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In re I.W.

Supreme Court of Appeals of West Virginia

November 8, 2019

In re I.W.

          (Lewis County 18-JA-64)

          MEMORANDUM DECISION

         Petitioner Father T.M., by counsel Steven B. Nanners, appeals the Circuit Court of Lewis County's April 1, 2019, order denying his motion to modify disposition.[1] The West Virginia Department of Health and Human Resources ("DHHR"), by counsel S.L. Evans, filed a response in support of the circuit court's order. The guardian ad litem, Hunter D. Simmons, filed a response on behalf of the child, also in support of the circuit court's order. On appeal, petitioner argues that the circuit court erred in denying his motion to modify disposition without holding a hearing.

         This Court has considered the parties' briefs and the record on appeal. The facts and legal arguments are adequately presented, and the decisional process would not be significantly aided by oral argument. Upon consideration of the standard of review, the briefs, and the record presented, the Court finds no substantial question of law and no prejudicial error. For these reasons, a memorandum decision affirming the circuit court's order is appropriate under Rule 21 of the Rules of Appellate Procedure.

         In September of 2018, the DHHR filed a child abuse and neglect petition against petitioner and I.W.'s mother. Specifically, the DHHR alleged that the mother abused drugs during her pregnancy with I.W. and that petitioner was aware of the mother's drug use and participated in drug use with her. Further, petitioner left the hospital the day after the child's birth and never returned. While petitioner did attend the preliminary hearing, he failed to attend any subsequent hearings.[2] Testimony taken at the adjudicatory hearings held in November of 2018 and January of 2019 established that petitioner was aware of the mother's substance abuse while she was pregnant with the child, failed to provide any financial support for the child, and failed to inquire about the child's health or wellbeing. As such, the circuit court adjudicated petitioner as an abusing parent. Petitioner's parental rights were ultimately terminated at a dispositional hearing held later in January of 2019, based upon findings that there was no reasonable likelihood that petitioner could correct the conditions of abuse and neglect in the near future and that termination was necessary for the child's welfare. The dispositional order was entered on March 11, 2019, and petitioner did not appeal this order.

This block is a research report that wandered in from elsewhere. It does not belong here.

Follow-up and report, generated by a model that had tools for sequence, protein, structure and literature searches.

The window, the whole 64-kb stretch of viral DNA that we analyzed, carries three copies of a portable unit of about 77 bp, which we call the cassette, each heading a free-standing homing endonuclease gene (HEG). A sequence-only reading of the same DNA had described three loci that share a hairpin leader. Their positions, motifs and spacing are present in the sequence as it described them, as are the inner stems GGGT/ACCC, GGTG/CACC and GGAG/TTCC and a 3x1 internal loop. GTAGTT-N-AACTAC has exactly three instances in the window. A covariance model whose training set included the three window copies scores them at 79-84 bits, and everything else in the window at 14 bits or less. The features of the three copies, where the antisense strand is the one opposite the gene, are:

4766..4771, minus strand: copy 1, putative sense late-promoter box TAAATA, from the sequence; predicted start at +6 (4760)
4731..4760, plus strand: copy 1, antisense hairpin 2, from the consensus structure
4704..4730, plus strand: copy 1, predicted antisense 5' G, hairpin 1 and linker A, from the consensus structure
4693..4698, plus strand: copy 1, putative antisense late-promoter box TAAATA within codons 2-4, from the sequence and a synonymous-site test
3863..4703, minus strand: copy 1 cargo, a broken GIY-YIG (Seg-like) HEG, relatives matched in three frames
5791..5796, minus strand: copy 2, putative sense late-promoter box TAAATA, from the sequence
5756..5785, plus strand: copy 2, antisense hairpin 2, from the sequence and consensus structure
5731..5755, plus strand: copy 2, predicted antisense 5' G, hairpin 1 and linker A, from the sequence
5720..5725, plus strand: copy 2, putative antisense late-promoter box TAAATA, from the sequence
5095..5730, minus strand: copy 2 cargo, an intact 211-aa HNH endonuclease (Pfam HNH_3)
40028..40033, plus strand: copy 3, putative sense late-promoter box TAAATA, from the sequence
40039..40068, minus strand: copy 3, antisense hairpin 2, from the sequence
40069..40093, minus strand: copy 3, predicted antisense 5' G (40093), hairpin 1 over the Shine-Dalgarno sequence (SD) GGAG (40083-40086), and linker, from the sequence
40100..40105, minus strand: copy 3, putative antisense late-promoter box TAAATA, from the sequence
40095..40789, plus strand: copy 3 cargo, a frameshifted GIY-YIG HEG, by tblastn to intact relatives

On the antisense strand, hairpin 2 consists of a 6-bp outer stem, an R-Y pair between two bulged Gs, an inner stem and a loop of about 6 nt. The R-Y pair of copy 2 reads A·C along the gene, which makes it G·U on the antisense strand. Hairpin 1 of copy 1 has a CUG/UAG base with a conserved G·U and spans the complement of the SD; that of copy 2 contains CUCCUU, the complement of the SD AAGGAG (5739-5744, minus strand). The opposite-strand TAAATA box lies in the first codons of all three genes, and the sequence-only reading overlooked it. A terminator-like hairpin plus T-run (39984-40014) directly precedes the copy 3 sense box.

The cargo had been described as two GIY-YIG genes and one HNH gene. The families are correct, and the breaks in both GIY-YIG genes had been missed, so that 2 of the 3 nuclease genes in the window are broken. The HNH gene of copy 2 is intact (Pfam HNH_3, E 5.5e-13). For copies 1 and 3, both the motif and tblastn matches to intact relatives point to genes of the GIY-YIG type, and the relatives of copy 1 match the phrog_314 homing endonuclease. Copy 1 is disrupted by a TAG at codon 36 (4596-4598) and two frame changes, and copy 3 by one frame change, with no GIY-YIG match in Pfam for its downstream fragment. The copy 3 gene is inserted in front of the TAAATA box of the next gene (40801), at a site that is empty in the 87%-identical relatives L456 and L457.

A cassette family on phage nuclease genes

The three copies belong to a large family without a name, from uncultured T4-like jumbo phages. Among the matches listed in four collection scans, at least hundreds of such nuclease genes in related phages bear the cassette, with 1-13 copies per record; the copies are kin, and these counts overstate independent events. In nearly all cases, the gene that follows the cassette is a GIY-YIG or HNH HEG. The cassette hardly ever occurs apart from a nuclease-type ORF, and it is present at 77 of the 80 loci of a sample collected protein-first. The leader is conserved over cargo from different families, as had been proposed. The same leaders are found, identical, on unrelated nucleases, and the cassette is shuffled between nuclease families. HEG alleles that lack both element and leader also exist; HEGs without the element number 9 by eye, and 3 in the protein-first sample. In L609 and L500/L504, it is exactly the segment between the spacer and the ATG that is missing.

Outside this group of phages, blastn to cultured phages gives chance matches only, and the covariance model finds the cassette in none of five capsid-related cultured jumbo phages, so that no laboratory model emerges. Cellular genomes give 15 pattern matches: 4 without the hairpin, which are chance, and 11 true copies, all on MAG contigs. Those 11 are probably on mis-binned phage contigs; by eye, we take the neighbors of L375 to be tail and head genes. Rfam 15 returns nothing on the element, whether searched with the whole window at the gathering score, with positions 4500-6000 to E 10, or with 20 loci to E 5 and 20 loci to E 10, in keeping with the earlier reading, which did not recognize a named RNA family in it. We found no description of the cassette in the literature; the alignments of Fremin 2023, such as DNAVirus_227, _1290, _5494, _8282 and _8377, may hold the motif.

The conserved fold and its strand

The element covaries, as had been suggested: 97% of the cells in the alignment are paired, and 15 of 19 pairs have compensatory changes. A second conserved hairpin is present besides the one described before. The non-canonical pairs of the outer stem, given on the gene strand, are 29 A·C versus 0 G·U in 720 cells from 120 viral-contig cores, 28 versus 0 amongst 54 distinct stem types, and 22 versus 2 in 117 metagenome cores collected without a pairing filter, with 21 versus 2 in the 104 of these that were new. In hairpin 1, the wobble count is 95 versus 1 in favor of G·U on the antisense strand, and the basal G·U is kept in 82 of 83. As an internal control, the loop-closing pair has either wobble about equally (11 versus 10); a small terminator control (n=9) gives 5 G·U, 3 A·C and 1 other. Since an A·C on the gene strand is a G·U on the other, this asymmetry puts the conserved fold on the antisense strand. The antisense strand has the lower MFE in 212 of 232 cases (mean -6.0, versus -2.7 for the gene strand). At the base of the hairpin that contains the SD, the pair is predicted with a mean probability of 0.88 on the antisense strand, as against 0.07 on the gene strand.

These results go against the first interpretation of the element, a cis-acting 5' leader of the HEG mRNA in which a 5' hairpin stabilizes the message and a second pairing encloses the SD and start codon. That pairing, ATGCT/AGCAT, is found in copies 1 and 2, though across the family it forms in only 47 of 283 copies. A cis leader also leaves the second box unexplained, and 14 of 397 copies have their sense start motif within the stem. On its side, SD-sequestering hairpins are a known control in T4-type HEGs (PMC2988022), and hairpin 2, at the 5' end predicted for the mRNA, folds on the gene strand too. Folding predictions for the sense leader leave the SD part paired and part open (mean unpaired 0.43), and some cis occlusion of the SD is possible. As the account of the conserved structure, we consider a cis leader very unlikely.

In April of 2019, petitioner filed a motion to "reopen" disposition. In his motion, petitioner stated that "he did not have an effective way to communicate with Counsel or [the DHHR] and further was addicted to drugs." Petitioner asserted that since the dispositional hearing, he had "gone into in-patient treatment and it would be appropriate to permit the Dispositional hearing to be re-opened to permit such testimony and entertain [petitioner's] Motion for a Post-Adjudicatory Improvement Period." Without holding a hearing, the circuit court denied petitioner's motion, noting that this Court has previously held that termination of parental rights "completely severs the parent-child relationship, and, . . . the law no longer recognizes such person as a 'parent' with regard to the child(ren) involved in the particular termination proceeding." Syl. Pt. 4, in part, In re Cesar L., 221 W.Va. 249, 654 S.E.2d 373 (2007). Because petitioner's parental rights had previously been terminated, the circuit court concluded that he lacked standing to seek modification of the dispositional order. It is from the April 1, 2019, order denying his motion to modify disposition that petitioner appeals.[3]